You may not think about how attic ventilation can affect your roofing system, but it’s an important part of the process. In fact, roof ventilation is a critical part of keeping your home energy-efficient and comfortable throughout the year. That’s why you want to make sure that both your attic and your roof are allowed to breathe effectively.
Fresh air is drawn in from the soffit vents as hot air is drawn out through the roof vents, and it can be done through either an active or a passive ventilation system. Active systems use powered attic ventilation, which involves the use of fans to blow out hot air. Passive systems rely on natural airflow through ridge, gable, or box vents.
To optimize your roof ventilation, you want to make sure that both your attic and your roof have proper air sealing and insulation. You should also think about using alternative solutions (such as radiant barriers or reflective roof surfaces). All of these measures will be helpful in creating a cooler and more energy-efficient living space.
How Roof Ventilation Works
The roof ventilation process involves the circulation of air within your attic space. It relies on the natural tendency for warmer air to rise and for cooler air to settle, which can be used to create continuous airflow. As warm air rises, it’s allowed to leave your home through the upper vents. Cooler air is then brought in through the lower intake vents, which will replace the moisture-rich warm air and lower your attic’s temperature.
This process is critical for regulating temperature and moisture levels inside your home. It can also help to reduce humidity levels and energy-efficiency, which can be beneficial during those hot South Texas summers. Good ventilation is also important for making sure you have good indoor air quality by preventing issues related to excessive moisture. Improper ventilation can lead to mold growth, wood rot, and even structural damage.
Having a roof and attic with good ventilation will keep that space from getting too hot in the summer. Your air conditioning won’t have to work as hard to keep your living space comfortable, which can be helpful in reducing cooling costs.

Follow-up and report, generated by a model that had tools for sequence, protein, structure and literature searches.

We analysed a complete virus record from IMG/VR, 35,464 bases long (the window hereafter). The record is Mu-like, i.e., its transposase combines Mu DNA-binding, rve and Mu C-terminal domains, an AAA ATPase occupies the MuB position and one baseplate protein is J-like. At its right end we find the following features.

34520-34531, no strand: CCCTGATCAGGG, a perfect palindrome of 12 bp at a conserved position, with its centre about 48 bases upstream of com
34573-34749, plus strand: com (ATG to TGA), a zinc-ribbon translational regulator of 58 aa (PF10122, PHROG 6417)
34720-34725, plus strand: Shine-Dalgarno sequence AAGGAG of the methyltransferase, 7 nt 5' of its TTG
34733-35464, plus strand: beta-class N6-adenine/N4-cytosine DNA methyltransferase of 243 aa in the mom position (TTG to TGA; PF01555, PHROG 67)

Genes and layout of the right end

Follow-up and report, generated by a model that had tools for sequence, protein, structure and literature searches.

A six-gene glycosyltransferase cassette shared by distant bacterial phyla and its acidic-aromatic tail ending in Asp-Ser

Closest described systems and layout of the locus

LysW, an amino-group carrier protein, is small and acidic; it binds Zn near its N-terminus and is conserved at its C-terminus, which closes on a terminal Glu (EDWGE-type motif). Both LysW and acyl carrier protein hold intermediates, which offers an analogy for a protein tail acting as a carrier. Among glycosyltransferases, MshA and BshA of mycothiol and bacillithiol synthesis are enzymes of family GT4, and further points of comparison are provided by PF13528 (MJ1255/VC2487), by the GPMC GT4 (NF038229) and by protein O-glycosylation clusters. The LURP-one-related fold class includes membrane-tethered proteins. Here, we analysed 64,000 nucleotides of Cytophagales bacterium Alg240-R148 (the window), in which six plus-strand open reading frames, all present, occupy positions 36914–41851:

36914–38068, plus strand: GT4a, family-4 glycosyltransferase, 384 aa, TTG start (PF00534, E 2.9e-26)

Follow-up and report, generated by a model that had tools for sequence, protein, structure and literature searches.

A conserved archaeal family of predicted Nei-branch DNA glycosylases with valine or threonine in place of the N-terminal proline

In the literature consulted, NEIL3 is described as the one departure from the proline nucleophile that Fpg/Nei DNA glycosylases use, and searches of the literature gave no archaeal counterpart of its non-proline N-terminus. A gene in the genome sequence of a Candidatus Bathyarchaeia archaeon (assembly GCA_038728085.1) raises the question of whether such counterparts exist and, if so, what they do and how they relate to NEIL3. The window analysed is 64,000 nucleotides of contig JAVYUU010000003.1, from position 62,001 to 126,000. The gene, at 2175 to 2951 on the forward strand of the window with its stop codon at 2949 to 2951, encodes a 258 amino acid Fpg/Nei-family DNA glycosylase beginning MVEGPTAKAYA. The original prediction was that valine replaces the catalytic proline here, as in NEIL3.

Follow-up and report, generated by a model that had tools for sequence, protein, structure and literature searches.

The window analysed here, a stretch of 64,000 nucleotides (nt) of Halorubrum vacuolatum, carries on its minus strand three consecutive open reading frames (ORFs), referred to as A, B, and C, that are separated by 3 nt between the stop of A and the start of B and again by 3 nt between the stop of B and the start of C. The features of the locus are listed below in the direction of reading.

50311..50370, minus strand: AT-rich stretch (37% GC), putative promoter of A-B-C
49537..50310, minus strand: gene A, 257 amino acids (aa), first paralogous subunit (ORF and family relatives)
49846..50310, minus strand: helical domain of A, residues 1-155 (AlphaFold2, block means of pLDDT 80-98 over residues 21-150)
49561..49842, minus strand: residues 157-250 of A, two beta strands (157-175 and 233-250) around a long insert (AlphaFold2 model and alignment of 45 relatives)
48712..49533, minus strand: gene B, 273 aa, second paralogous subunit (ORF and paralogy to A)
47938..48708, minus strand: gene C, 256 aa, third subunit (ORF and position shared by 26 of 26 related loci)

Types of Roof Vents
There are many types of roof vents, and they all have their benefits (as well as their drawbacks). Some of the most common types include the following:
- Soffit Vents — These are located under the eaves, and they act as intake vents that draw in cooler air.
- Ridge Vents — These are installed along the roof’s ridge and allow hot air to escape through the highest part of your attic. They work well when they’re used with soffit vents, so temperature can be evenly distributed across the roof’s surface.
- Gable Vents — These are installed on the gable ends of your home. They can also act as both intake and exhaust vents.
- Roof Louvers — Also called “box vents,” these are installed on the roof surface and act as exhaust vents. They use natural convection to allow warm air and moisture to exit your home.
- Wind Turbines — Also called “whirlybirds,” these non-static vents use wind to draw hot air and moisture out of the attic. This mechanism allows them to circulate more air than box vents.
- Power Vents — Also called “roof-mounted vents,” they have motors that are used to operate large fans (which expel hot air and moisture from the attic). They can be equipped with adjustable thermostats or humidistats, and they require the use of electricity. Some models also have integrated solar panels, which give them a more eco-friendly energy source.
- Off-Ridge Vents — These are similar to box vents and are static in nature, except they’re long and thin. They’re placed over a cut section in the roof near the ridge. And while they will allow hot, moist air to leave the attic, several will have to be installed for them to be effective.
- Cupola Vents — These vents can be strictly decorative, or they can be completely functional. They’re placed on a high ridge and create an opening in the roof structure, which allows hot air and moisture to leave your home. In most cases, they will act as supplementary support for the main ventilation system.
Building codes will often suggest creating a balance between intake and exhaust ventilation. But if you add more ventilation at the eaves than at the ridge, it can slightly pressurize the attic. This can prevent conditioned air from being sucked out of your living space.
If you’re concerned about your roof and attic ventilation and are looking for one of the best roofing companies in Corpus Christi, be sure to reach out to Bayfront Roofing.